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Wednesday, 27 November 2019 11:15

The year in books: 2019’s recommended reads

It has been yet another fantastic year for the written word, with many tremendous literary offerings hitting shelves in 2019.

Reviewing books is one of the best parts of my job. As part of that job, I’ve read dozens of books over the course of the past year. I freely admit that I tend to seek out works that I know will resonate for me – and hence usually enjoy the books I review – but even with that degree of curation, there’s no denying that there are always some that particularly stand out.

This is not your traditional “best of” list – that’s not my style. Instead, consider this a collection of recommendations. These are suggestions; I enjoyed them, so I thought that you might as well. I’ve also included selections from my writings about these books (please note that the full reviews are available eslewhere on our website). Bear in mind that this is not a comprehensive list. I’m just one man – there are scores more books out there, exceptional works that I simply never got a chance to read.

So are these the best books of 2019? I don’t know – it’s all subjective. What I can say is that every one of these works captured my imagination and my attention … and perhaps one or more of them will do the same for you.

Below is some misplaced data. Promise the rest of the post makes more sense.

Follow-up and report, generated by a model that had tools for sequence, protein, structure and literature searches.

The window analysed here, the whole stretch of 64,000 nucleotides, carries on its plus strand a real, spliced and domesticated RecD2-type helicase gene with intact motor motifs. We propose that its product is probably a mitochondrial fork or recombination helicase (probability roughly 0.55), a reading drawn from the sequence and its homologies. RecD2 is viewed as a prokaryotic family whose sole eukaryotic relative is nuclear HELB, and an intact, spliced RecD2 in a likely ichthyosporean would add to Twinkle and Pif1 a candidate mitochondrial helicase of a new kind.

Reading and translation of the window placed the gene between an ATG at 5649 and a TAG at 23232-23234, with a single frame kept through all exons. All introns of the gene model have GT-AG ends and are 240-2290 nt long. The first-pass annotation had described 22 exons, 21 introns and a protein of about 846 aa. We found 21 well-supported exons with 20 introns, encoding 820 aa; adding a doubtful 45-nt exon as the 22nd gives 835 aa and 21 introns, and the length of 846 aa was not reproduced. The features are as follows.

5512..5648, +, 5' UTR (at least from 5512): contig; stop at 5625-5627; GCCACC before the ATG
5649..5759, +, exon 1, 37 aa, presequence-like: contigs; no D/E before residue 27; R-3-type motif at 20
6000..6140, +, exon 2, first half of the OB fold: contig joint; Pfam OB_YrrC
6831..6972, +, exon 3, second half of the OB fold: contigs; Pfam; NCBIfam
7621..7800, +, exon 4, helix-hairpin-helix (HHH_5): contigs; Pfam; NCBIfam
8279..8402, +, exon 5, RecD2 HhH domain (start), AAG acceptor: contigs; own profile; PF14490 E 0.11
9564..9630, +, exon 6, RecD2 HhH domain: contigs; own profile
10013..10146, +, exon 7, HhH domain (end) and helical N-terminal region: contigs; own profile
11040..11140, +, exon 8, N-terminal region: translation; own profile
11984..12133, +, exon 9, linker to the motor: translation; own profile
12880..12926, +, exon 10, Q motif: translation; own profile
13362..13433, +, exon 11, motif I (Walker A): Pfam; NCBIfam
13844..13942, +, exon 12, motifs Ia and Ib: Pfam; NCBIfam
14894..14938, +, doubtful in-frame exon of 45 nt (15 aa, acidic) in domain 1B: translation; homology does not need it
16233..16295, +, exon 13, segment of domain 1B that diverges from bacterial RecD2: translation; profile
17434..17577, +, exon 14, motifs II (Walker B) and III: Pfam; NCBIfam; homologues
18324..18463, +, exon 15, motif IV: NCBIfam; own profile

Here are my recommended reads from 2019.

Published in Cover Story
Wednesday, 24 April 2019 12:45

Machine à trois – ‘Machines Like Me’

“What if?” is the one the most entertaining questions that literature can ask. Whole sub-genres have been built around books asking and answering that single query. From pulpy paperback novels to elegant literary fiction, the power of what might have been can serve as the foundation for thought-provoking narrative.

Ian McEwan has turned his writerly eye in that direction with his latest novel “Machines Like Me” (Doubleday, $26.95). It’s a quirky and enthralling work of alternate history, a counterfactual conflation that brings forth a world quite different than our own, albeit populated by personalities that will ring all too familiar. It’s an exploration of relationships – our relationships with technology, our relationships with society … and our relationships with one another.

Rendered in McEwan’s indomitable and inimitable prose, “Machines Like Me” takes the reader inside a love triangle unlike any our world has ever seen, a romantic tangle involving a man, his upstairs neighbor – and a machine.

Published in Style

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